It used to be said that only death and taxes were certain. All else was a maybe. It seems Australians can now add ‘confused climate policy’ to the list of certainties. Since this post first appeared in August 2011 very little has changed. You could even argue that some of the uncertainty has leaked to other jurisdictions and tweets from the POTUS.
And the message is still missing.
The missing link
Some years ago I wrote an essay entitled ‘What if it’s not emissions’. I was not in denial or even sceptical about climate change, more concerned that we had become fixated with emission reduction as the solution to climate change. So convinced had we become that it was a given that if emissions came down, we would have fixed that awkward problem and all will be well with the world.
My real issue was that we risked putting all our eggs into the emission reduction basket.
After more years of political inaction than seems decent, the Australian government has just released a clean energy future policy on climate change. And, guess what? We still have the same fixation. The proposal is all about emission reduction, initially through a tax on pollution followed by a cap and trade system to make emitting greenhouse gas so expensive that no rational business could afford such behaviour.
It might be about emissions, but the policy formulation sees only a modest reduction target – 5% below 2000 emission levels by 2020. This means in 2020 Australia is pledging to emit 509 million tCO2e in greenhouse gases or 56 million less than it did in 2009.
Only by 2020, even with the proposed intricate emissions reduction policy fully functional, emissions of 679 million tCO2e are predicted.
Actual emissions will increase because the Australian population will grow in numbers at roughly 890 people per day, the economy will grow and so will affluence. Economic growth will require energy to follow the historical trend of a doubling in consumption every 30 years. And although the policy does talk about energy efficiency and alternative sources, the required capacity increase will inevitably be met by traditional means.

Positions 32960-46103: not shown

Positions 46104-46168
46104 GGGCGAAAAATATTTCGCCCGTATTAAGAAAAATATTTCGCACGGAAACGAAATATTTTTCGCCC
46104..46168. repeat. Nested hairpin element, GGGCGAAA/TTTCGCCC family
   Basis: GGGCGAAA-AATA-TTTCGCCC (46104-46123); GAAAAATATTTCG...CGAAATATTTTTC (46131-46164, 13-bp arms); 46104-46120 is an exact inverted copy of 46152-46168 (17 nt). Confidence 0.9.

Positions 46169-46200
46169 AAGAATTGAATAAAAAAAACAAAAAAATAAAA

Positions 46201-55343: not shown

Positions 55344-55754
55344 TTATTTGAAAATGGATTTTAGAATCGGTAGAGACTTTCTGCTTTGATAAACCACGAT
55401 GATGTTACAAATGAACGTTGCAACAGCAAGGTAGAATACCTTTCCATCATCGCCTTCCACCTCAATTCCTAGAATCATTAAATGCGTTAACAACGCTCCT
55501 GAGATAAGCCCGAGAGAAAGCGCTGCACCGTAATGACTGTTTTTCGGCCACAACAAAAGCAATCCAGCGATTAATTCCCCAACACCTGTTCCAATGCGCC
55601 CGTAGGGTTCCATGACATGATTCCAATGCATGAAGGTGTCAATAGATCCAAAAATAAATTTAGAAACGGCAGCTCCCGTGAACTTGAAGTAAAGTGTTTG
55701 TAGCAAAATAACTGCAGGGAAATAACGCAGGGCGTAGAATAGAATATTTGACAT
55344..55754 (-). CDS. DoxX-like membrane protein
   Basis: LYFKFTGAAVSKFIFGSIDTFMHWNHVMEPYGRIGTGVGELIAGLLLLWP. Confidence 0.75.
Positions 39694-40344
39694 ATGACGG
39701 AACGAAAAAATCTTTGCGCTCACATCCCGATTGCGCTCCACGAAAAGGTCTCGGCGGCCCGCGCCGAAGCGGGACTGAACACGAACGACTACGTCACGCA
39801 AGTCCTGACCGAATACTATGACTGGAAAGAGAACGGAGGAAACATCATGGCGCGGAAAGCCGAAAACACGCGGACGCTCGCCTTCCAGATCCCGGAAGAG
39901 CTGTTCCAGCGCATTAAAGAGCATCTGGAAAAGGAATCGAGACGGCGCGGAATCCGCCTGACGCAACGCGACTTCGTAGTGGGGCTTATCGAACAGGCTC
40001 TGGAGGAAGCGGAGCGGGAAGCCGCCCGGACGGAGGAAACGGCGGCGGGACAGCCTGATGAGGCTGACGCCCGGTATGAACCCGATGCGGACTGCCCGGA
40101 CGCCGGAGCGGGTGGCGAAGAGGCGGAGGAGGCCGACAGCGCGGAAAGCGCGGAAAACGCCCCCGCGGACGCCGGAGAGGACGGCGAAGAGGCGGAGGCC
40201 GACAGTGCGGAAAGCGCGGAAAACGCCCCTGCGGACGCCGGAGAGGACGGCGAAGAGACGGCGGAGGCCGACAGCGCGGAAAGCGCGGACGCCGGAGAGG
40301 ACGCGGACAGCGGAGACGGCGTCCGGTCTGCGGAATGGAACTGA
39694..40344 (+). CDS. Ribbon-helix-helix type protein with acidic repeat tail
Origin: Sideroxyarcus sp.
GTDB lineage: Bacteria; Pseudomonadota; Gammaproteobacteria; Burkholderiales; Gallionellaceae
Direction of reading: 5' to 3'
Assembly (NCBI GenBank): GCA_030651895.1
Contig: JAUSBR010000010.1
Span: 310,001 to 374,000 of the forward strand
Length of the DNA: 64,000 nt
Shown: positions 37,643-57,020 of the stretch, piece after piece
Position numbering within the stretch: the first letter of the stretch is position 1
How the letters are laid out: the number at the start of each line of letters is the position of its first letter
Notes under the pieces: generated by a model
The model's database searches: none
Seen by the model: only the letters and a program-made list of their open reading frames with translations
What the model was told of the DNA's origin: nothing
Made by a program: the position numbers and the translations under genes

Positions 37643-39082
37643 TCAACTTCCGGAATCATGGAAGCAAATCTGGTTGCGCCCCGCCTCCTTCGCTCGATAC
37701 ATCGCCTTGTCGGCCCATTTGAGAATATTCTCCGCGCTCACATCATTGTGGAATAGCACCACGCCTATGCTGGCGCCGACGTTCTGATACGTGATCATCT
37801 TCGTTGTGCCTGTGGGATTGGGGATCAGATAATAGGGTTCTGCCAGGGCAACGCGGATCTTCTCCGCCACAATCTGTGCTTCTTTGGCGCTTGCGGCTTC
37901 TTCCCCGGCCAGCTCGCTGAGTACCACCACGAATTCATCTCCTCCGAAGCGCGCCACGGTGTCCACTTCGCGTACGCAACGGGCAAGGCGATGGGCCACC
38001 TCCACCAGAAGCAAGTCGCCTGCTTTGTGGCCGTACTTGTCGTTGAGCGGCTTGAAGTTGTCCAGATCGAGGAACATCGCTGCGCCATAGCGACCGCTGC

Emissions growth will leave a shortfall in the target of 170 million tCO2e or 30% of current emissions. So it would seem that the emissions reduction basket has few eggs.
This again begs the question ‘What if it’s not emissions?’
Let us accept what the science tells us and agree that it is emissions that are a significant driver of the current climate warming. What the policy shows is that, rather like American debt ceiling, we cannot quite admit the severity of the problem. And, more importantly, we lack the courage to tackle the problem head on. It is just too hard and too scary.
And this would actually be ok if we hadn’t missed the critical issue in all this.
We have stopped talking about how 7 billion people are going to sustain growth in affluence on a warming planet. We have forgotten about adaptation. Forgotten that we will need to use water wisely, deliver sustainable production on farms, and manage our landscapes when the temperatures change, rains forget to fall, seasonality shifts, severe weather events become more frequent and the sea levels rise.
Less than $1 billion of the $25 billion revenue generated from the carbon tax will go incentive land management through carbon offset projects. They will mostly be Kyoto compliant activities such as permanent tree plantings and flaring methane – just as the international agreement to proceed with a second commitment period of the Kyoto protocol teeters.
There will be money for biodiversity initiatives. Good stuff, but just more of what we have already been doing.
What happened to incentives to revegetate the landscape and put carbon back into the soil? The critical activities that will help us manage that scarce water, produce reliable quantities of food and help save what is left of nature. Missing, presumed dead.
Seems like we should ask again, ‘What if it’s not emissions?’
Hidden in deep in the 2017 budget papers from the Australian government is an apparent cut to funding for the National Climate Change Adaptation Centre. This centre is one of the few places in Australia with a focus on adaptation, the thing we have to do if emission reduction fails. Something like Plan B that, given the precariousness of Plan A, should be getting a boost not a cut.
Only this is where we are at just three years out from 2020. Devoid of policy, pushing rubbery emission targets out to the distant future, and cutting funding for Plan B.
For the sake of the grandkids, let’s pray that it is not emissions.